David Brooks’ editorial in the October 28, 2008 New York Times predicted that the current financial crisis would "amount to a coming-out party for behavioral economists and others who are bringing sophisticated psychology to the realm of public policy."  Of the four steps of decision-making–1) perceiving a situation, 2) thinking of possible courses of action, 3) calculating the best course, and 4) taking action, Brooks notes that the third step–rationally calculating and maximizing what is in the best interests of those involved–has long been considered the most important.  But he suggests that comments by "experts" like Alan Greenspan in his testimony before Congress, that he was "shocked" at market conditions, may drive us to reevaluate the importance of step one:  perceiving the situation.

In Nassim Nicholas Taleb’s book "The Black Swan," published in 2007, he wrote that "The government-sponsored institution Fannie Mae, when I look at its risks, seems to be sitting on a barrel of dynamite, vulnerable to the slightest hiccup."  Globalization, he noted, "creates interlocking fragility," and the growth of giant banks give the appearance of stability, while in reality, they raise the risk of a systemic collapse, for "when one fails, all fail."  But why didn’t the financial movers and shakers perceive that to be the case?  Or even one possible case?

Behavioral economists have explanations for why so many smart people could have been so wrong about the risks that they were unwittingly taking.  Biases in our perception that distort our thinking include a tendency to see data that confirm our prejudices, a tendency to overvalue recent events as predictors, assigning a single causal narrative to coincidentally succeeding facts and applauding what we suppose to be our skill rather than recognizing the role of dumb luck.  And we can also get caught in social contagions that reinforce each other’s (often poor) risk assessments.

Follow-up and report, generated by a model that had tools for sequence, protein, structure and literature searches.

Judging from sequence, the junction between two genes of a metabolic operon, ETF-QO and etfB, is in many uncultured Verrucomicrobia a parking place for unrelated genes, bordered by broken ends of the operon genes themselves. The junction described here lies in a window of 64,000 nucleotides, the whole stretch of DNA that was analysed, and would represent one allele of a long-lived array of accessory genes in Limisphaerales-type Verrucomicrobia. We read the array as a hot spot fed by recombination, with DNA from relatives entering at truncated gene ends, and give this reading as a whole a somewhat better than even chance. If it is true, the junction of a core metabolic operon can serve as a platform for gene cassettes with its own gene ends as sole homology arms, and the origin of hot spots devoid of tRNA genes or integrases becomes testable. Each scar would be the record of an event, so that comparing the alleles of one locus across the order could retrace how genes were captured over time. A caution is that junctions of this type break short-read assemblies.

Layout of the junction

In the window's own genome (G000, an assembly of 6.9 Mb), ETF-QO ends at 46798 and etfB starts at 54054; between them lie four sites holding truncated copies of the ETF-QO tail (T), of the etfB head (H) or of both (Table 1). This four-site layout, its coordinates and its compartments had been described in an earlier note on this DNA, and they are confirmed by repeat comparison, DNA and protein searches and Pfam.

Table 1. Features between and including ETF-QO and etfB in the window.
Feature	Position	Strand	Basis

The solution that some propose for the financial arena is to have the government take on more of the job of assessing situations, and applying regulations.  Of course, government officials are probably going to be even worse perceivers of reality than private business types.  Their information feedback mechanism is more limited and, being deeply politicized, they’re even more likely to filter out inconvenient facts. 

Lawyers, being for the most part pessimists, would seem to have the exact skill necessary to root out and protect against just this sort of unintended economic consequence.  Lawyers should be able to think of all the possible ways these various financial scenarios could go wrong, and at least sound the alarm if not plug the hole.  But the critical word here may be "think."

Our data on emotional intelligence in lawyers tells us that, when it comes to emotion, perceiving–correctly identifying the emotional currents at play–is what lawyers are least good at, accounting for a large proportion of the drop in average lawyer scores compared to general US population scores.  A number of experiments verify that being unable to tap into one’s own and others emotions can mean a significant delay, or total failure, to identify risks or dangers that the emotional part of the brain is able to sense.  In a well-known card-playing experiment, recounted in Malcolm Gladwell’s book "Blink," participants are able to emotionally identify (measured by blood pressure and heart rate) the decks of cards that are stacked against them many, many cards before they can rationally do so.

Of course it is not just lawyers who can be out of touch with their emotional red flags, and it wasn’t just lawyers that got us into this imbroglio.  Plenty of non-lawyer MBAs, PhDs and other regular types clearly missed the perception boat this time.  Nonetheless, one step toward better perception in the world of finance and public policy would be for the legions of lawyers involved–at the SEC and other government entities, banks and financial institutions and law firms servicing them–to improve their connection with their and others’ emotions, so that they can feel as well as think about the dangers out there, and hopefully avert just such a catastrophe as this one.  And the good news is that perception in this area of expertise can be improved.